Securing the Mobile Enterprise

Today’s data-on-demand environment is demanding more and more out of a corporate IT department. The latest trend in this phenomenon has become Bring Your Own Device (BYOD). However, beyond just bringing a personal device to a corporate setting, we are now experience both the consumerization and the incorporation of user devices. The average user is beginning to use 3-4 devices to access information relevant to their jobs or role. This new push for more devices within an organization has IT security and data center professionals a bit nervous.

As more users request the use of their own personal devices administrators are left with some very serious security questions. In Securing the Mobile Enterprise , we begin to understand just some of the security topics that IT professionals are faced with when discussing some type of BYOD initiative:

  • Regulatory compliance controls
  • Access rights, privileges, and controls
  • Data and device protection from theft or loss
  • Malware and on-device security
  • Enforcement of corporate security controls
  • Web and cloud access
  • Control of both corporate and consumer applications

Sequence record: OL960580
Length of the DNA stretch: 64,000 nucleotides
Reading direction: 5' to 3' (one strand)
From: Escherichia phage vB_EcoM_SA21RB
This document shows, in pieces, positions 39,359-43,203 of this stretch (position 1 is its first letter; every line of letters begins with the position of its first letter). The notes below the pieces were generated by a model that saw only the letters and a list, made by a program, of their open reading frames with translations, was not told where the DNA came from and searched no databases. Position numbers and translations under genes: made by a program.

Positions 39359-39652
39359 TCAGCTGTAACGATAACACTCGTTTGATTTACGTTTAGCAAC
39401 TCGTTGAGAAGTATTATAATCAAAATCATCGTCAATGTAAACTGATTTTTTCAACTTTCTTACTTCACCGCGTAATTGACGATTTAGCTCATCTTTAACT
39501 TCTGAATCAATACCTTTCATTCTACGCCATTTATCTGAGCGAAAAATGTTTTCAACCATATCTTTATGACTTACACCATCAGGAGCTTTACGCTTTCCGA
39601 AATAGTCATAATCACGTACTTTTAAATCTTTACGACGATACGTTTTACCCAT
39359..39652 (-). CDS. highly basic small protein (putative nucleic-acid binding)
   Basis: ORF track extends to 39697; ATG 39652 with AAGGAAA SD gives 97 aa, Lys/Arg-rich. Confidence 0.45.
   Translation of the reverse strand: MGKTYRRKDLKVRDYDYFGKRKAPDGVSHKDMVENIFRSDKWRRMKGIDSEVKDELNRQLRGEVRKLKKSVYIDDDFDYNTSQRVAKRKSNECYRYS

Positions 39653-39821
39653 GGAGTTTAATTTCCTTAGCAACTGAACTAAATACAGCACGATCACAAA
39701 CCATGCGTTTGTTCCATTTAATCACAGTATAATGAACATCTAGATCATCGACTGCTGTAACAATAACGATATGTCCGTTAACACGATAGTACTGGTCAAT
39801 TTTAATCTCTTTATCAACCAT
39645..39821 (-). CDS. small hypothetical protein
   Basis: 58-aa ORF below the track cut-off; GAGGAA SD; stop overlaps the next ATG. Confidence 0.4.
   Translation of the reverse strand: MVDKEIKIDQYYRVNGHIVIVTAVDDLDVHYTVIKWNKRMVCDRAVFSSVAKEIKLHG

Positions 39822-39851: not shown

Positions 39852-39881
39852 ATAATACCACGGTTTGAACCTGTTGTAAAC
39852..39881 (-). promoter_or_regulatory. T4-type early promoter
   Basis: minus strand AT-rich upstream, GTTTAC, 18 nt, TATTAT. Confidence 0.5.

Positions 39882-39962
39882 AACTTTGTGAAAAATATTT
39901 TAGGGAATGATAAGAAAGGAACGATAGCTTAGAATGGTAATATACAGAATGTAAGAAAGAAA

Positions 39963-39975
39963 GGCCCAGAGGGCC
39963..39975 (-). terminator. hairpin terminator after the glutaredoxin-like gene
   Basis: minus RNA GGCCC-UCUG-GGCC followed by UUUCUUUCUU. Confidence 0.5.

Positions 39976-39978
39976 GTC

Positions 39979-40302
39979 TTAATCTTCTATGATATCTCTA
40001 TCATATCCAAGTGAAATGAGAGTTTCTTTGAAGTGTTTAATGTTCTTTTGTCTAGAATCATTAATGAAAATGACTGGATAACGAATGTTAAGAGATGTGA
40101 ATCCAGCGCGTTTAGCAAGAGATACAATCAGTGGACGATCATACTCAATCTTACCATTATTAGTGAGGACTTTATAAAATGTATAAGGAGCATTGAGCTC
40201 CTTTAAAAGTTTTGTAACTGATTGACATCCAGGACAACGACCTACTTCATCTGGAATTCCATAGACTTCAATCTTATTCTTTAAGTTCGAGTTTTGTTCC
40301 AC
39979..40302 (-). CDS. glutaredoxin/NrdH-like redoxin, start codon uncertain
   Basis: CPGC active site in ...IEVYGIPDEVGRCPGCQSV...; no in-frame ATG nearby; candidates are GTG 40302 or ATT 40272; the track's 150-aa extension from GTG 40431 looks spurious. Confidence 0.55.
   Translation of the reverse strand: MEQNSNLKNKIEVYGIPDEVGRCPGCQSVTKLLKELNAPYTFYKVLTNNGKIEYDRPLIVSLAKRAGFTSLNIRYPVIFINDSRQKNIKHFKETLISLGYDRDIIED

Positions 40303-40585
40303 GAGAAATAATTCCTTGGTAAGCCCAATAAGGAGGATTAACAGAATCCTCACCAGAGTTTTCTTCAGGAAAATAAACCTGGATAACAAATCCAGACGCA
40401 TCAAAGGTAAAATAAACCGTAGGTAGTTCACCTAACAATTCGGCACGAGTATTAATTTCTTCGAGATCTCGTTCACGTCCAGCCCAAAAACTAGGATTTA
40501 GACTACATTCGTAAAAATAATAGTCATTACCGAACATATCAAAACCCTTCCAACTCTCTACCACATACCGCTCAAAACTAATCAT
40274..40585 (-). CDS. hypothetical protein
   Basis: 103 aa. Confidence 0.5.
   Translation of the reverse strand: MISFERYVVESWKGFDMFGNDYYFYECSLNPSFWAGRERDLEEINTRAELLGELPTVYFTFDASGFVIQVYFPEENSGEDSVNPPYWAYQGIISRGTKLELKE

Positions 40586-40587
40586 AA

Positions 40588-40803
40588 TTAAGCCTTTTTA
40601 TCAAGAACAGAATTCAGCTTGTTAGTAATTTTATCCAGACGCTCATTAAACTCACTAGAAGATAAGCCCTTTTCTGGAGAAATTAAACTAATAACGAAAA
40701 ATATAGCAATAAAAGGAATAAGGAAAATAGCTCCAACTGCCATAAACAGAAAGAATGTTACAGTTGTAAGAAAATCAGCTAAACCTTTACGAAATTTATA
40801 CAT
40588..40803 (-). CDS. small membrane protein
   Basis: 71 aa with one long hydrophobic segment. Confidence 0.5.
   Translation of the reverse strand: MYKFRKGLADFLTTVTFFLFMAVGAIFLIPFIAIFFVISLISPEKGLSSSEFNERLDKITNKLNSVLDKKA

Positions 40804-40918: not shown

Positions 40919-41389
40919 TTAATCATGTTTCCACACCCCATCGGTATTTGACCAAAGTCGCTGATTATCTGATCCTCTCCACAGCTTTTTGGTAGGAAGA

That’s not to say that there aren’t direct benefits from moving towards such a platform. However, the most important part of any BYOD deployment is the control, management and security aspect that a corporation must undertake. Depending on the industry, security professionals must consider the following points to create a robust, user-centric, device infrastructure:

  • The technical deployment aspect
  • Ease of use for the end-user
  • Workload control and delivery
  • User authorization and single sign-on capabilities
  • Protection against mobile device and application-compromising malware

Download Securing the Mobile Enterprise white paper today to learn the important parts of IT and end-user consumerization as well as how to properly approach this type of infrastructure. Beyond the cautions, Securing the Mobile Enterprise, also outlines the many positives in working allowing device versatility for an end-user. Remember, take the time to plan out every aspect of a BYOD deployment. By doing so, corporations can see increases in productivity, agility, and still deliver a powerful end-user experience.

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About the Author

Bill Kleyman is a veteran, enthusiastic technologist with experience in data center design, management and deployment. His architecture work includes virtualization and cloud deployments as well as business network design and implementation. Currently, Bill works as the Vice President of Strategy and Innovation at MTM Technologies, a Stamford, CT based consulting firm.

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  1. The reality is that it's hard to get employees to comply with security guidelines if it means they have to learn new systems or procedures, "but if it's the same system as they already using on desktop, it makes it easy for them to be in compliance. Thanks for the read Bill